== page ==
You've focused about drone and motors perturbation, but there are a lot of other fields where those perturbation are less relevant (wearable, transportation, robotics). Although the magnometer is not fully reliable with EM perturbations, it still provides an additional absolute reference for the sensor fusion which should provide additional accurracy (espcially on the angular drift) to an attitude sensor. And the magnetometer cost only a few cents/euros more on the die cast whereas adding a GPS turns out to be much more costly, bulky and in some case impraticable (indoor navigation). So I would believe there is a market for those 9 Dof sensors but from which Invensense, Bosch and ST have diverged.

At this point, the only two explainations that I could find are (but they are not fully convicing myself):

  • Mag wafers availability :

The ICM-20948 is a 9-axis IMU that integrates the TDK 6-axis ICM-20648 (accelerometer and gyroscope) and AKM’s AK09916C external magnetometer. Since AKM is discontinuing production of the AK09916C mag, TDK Invensense is not able to guarantee the long-term supply of the ICM-20948 due to the limited supply of the AKM magnetometer wafers.

Source from Symmerty Electronics. May be magnetometers wafers are rare and hard to integrate in 6DoF SoCs ?

  • Technological obsolesence of 9 DoF attitude sensors, they would rather add IA processing units on 6 DoF chips ?

In my case, I am looking for attitude sensor to use on robots. I'd like to ask again the question 2 of Dark Sorrow whiwh seemed very relevant for EE field :

In 2023, the only long-term solution for 9 Dof sensing is to integrate a 6 Dof accel/gyro + 3 DoF mag on a board and do the sensor fusion by yourself on a MCU ? That sounds like a very tedious and CPU intensive task whereas not so long ago EoL products existed that could do the 9Dof fusion at 200Hz directly on an embbedded Digital Motion Procesing module (BN055, MPU 9250, LSM9DS1 ...). It feels like we are missing something.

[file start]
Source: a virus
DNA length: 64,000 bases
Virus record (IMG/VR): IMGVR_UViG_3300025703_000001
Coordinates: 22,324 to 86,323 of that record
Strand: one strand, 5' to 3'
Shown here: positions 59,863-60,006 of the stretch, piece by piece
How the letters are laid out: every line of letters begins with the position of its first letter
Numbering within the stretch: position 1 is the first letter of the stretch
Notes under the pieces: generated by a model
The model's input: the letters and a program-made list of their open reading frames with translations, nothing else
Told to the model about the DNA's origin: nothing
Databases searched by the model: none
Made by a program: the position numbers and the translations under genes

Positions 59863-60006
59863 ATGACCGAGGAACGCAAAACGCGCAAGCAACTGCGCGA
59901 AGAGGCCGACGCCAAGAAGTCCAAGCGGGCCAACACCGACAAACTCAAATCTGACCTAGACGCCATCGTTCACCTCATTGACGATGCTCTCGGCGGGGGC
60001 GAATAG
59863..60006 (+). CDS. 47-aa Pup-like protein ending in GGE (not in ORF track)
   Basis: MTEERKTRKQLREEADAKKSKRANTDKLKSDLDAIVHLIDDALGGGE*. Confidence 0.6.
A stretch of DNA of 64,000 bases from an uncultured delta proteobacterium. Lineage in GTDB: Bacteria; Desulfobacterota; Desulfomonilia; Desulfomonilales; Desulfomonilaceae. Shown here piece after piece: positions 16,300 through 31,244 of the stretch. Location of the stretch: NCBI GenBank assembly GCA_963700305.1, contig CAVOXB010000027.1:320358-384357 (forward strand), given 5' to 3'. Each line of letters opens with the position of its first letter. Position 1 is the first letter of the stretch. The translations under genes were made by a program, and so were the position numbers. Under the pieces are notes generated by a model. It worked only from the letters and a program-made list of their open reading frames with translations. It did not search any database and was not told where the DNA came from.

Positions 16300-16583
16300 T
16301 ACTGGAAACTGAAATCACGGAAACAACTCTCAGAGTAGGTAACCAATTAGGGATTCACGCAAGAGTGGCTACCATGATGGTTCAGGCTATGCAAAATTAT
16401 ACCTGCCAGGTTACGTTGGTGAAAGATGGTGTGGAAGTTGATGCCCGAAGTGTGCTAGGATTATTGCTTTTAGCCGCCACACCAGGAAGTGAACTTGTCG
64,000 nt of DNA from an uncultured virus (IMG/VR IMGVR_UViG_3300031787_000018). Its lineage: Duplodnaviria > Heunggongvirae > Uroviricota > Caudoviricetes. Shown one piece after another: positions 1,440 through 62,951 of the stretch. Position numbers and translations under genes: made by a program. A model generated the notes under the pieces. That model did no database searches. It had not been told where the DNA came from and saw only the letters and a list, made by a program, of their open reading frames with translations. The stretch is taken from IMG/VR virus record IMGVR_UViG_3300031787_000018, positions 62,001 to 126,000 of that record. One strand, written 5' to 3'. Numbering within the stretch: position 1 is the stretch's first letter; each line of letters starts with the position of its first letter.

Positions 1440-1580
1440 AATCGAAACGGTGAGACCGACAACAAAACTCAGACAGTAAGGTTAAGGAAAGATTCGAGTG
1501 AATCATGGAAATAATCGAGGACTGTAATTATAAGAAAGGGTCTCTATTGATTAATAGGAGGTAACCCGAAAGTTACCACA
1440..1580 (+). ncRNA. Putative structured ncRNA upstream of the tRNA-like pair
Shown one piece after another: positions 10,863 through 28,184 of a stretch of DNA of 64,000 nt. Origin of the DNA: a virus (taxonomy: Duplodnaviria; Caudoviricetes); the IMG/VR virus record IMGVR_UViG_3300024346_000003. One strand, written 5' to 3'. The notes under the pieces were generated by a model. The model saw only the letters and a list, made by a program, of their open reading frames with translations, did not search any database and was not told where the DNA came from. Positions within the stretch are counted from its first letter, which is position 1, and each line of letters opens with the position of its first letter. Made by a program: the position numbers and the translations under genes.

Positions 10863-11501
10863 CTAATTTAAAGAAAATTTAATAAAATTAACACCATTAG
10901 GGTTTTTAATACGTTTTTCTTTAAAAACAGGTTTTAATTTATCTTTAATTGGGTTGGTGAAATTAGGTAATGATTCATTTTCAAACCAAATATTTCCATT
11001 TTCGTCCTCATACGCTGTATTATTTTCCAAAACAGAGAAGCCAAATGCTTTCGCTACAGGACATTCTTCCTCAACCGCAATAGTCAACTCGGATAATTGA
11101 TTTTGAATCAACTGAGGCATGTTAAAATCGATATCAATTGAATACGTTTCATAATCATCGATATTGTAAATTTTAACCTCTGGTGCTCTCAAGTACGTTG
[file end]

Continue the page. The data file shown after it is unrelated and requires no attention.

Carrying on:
\$\endgroup\$
1
  • \$\begingroup\$ Are you sure the integration level of the motion processing has changed? ICM-20648 has among other features "Auxiliary I²C interface for external sensors" \$\endgroup\$
    – Ben Voigt
    Commented Apr 10, 2023 at 21:18
2
\$\begingroup\$

Magnetometers almost always are a separate die, so the "9 DOF" IMU is just a 6-DOF chip and a magnetometer chip in the same package. That's a bit of a pain to deal with on the manufacturing end, especially with unstable supply chains.

So, you just buy the MEMS IMU chip you need, and the magnetometer you want, and since you do fusion yourself anyway, that changes nothing much.

I'd say it's better that those are separate functions - they always were, now we at least don't "waste" an "integrated" magnetometer when a discrete part is available that does a better job (or is merely available and doesn't stop production at the 9DOF line).

You can and probably still should use the magnetometer - it helps with extra information going into the filter. It's just that it's on you to buy that chip separately. That's all. Nobody really "recommends" getting rid of magnetometers! The system partitioning is just different now.

\$\endgroup\$
1
\$\begingroup\$

A few ideas (someone with more drone experience will probably complete) :